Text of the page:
I was surprised to get the message last week that Bob had died; and yet, I wasn’t surprised either. It seemed like Bob had been on his last leg for a very long time. Bad knees, bad heart, bad lungs—the medical problems just seemed to snowball. There was one bad diagnosis after another, but very few remedies. Bob knew with more certainty than most of us that his days on earth were numbered. Like that criminal crucified with Jesus, Bob could see the end coming. Like that criminal, Bob regularly confessed his guilt to Jesus here in this room with the words, “I, a poor, miserable sinner.” And like that criminal, Bob placed himself in the Savior’s care: “Jesus, remember me when you come into your kingdom.” Jesus can’t help but respond to that kind of faith. Even as Jesus was crowned with thorns and pierced by nails, He spoke a wonderful word of promise to all who die with faith in him: “Truly I say to you, today you will be with me in paradise.” By faith we believe those words. By faith Bob believed in the promised paradise that Jesus earned for him.
From this conversation on the cross we learn how God’s power is made perfect in our weakness, and how His glory is revealed in the midst of shame. By faith we know that God does His best work in us when we are at our worst. When we are weak, when we are powerless, when we are helpless, when we are most like that crucified criminal—then and there Jesus is most powerful. His grace is sufficient. His power is made perfect in our weakness. Bob came to know this when he lost Karen, and in subsequent years when health difficulties made everything a challenge. Nothing was easy anymore. But in the midst of that burden, God was at work in Bob’s life—strengthening his faith, forgiving his sin, reminding him that Jesus had prepared a place for him in paradise.
I’m so glad that we’re gathered here at Our Savior tonight. This was Bob’s church home for many decades. Certainly there are bigger and more beautiful churches than this one. But it’s good to be here tonight because this is the sacred space where God did His best work in Bob’s life. It was right here in the Divine Service, decade after decade, that all the blessings Jesus earned on the cross were poured out into Bob’s life. Here he heard the promises of paradise preached and proclaimed. From this altar he received the body and blood of Jesus, bringing forgiveness, life and salvation. Here Bob was able both to taste and see and hear that the Lord is good, that His mercy endures forever. Here Bob came to know and believe that one day he would be with Jesus in paradise.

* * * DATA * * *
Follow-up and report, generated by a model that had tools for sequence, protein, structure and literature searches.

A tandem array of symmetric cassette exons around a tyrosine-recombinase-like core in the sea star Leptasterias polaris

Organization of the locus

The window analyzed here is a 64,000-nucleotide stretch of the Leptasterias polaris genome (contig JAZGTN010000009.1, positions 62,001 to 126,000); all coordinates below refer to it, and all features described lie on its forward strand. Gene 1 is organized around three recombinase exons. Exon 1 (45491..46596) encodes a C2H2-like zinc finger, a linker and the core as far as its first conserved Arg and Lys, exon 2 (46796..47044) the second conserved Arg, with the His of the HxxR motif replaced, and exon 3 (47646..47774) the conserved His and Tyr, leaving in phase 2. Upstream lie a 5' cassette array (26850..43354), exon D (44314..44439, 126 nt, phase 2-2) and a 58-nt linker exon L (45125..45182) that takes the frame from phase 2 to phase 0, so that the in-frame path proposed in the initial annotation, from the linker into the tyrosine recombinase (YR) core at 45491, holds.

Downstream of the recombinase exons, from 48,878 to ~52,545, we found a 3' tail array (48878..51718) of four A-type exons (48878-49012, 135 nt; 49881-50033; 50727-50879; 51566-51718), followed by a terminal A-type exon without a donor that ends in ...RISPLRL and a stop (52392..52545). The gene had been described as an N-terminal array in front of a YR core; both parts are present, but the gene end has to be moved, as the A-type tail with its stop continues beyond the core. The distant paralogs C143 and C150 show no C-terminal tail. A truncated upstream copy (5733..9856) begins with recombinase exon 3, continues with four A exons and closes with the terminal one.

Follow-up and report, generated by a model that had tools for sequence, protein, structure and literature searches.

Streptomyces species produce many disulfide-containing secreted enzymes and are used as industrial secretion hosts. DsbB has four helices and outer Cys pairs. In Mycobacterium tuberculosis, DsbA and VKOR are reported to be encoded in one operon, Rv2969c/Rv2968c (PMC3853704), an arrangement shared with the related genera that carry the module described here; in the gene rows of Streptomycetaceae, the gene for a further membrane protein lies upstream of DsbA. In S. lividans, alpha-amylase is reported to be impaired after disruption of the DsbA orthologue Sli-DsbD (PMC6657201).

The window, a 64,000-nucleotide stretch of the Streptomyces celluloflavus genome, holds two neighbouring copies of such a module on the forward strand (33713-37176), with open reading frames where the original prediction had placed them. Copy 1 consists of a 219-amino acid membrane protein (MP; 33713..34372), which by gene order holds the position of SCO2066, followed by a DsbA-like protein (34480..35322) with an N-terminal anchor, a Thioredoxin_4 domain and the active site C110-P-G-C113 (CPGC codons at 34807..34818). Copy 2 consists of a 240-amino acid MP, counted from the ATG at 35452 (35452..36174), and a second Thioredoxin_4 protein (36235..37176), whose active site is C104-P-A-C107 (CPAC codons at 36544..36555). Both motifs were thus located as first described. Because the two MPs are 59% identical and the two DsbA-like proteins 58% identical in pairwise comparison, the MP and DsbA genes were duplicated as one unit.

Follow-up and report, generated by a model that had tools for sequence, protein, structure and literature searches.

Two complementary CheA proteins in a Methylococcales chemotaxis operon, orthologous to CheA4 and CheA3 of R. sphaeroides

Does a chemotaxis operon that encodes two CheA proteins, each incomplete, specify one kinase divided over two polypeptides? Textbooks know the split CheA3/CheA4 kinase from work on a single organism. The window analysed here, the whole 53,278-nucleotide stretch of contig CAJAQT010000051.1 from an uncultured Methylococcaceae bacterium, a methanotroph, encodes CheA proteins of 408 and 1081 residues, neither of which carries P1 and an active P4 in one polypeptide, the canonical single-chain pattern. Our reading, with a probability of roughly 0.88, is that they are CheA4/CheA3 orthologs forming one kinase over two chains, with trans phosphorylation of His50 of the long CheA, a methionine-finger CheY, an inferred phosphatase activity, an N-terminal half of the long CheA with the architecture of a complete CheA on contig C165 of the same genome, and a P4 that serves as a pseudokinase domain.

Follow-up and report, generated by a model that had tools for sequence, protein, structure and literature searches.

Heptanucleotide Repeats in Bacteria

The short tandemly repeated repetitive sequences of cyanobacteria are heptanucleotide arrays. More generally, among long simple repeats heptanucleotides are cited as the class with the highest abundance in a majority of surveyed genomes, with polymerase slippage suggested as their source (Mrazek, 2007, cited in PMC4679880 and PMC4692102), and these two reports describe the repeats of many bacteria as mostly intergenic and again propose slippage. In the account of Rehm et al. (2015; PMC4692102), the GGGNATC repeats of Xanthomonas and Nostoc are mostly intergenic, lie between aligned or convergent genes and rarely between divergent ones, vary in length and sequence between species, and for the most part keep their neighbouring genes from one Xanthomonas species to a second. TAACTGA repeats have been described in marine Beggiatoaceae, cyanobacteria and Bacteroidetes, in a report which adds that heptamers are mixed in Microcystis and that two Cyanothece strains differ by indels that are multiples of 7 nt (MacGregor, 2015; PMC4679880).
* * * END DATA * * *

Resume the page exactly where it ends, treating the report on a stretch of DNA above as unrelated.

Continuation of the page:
Through faith in Jesus, that promise is also for you. What happened to that repentant criminal will also happen to all who repent and trust in Jesus. When we depart this life—at that very moment—we are with Jesus in Paradise. Last Tuesday Bob was escorted through the valley of the shadow of death and—in an instant—he was with Jesus in paradise. No wait. No line. No limbo. No purgatory. No paperwork to complete. No ghostly existence. No soul sleep. Just with Jesus, in paradise—awaiting the day of resurrection. And that is everything.
I don’t know how or where the Schulz family usually celebrates Thanksgiving. But I do know that this Thursday there will be an empty place at the table, and also an empty place in your hearts. Here at Our Savior on Thursday there will be an empty spot back in the back corner. Bob won’t be with us. But despite all that—despite our loss and sadness—there is every reason for thanksgiving this year—every reason to give thanks to God. He’s the one who gave Bob to us—to know and love as a companion on this earthly pilgrimage. He’s the one who gave Bob the gift of faith. And with deep thanksgiving we will not forget—Bob is already where we all long to be: with Jesus, in paradise.
In the name of the Father and of the Son and of the Holy Spirit. Amen.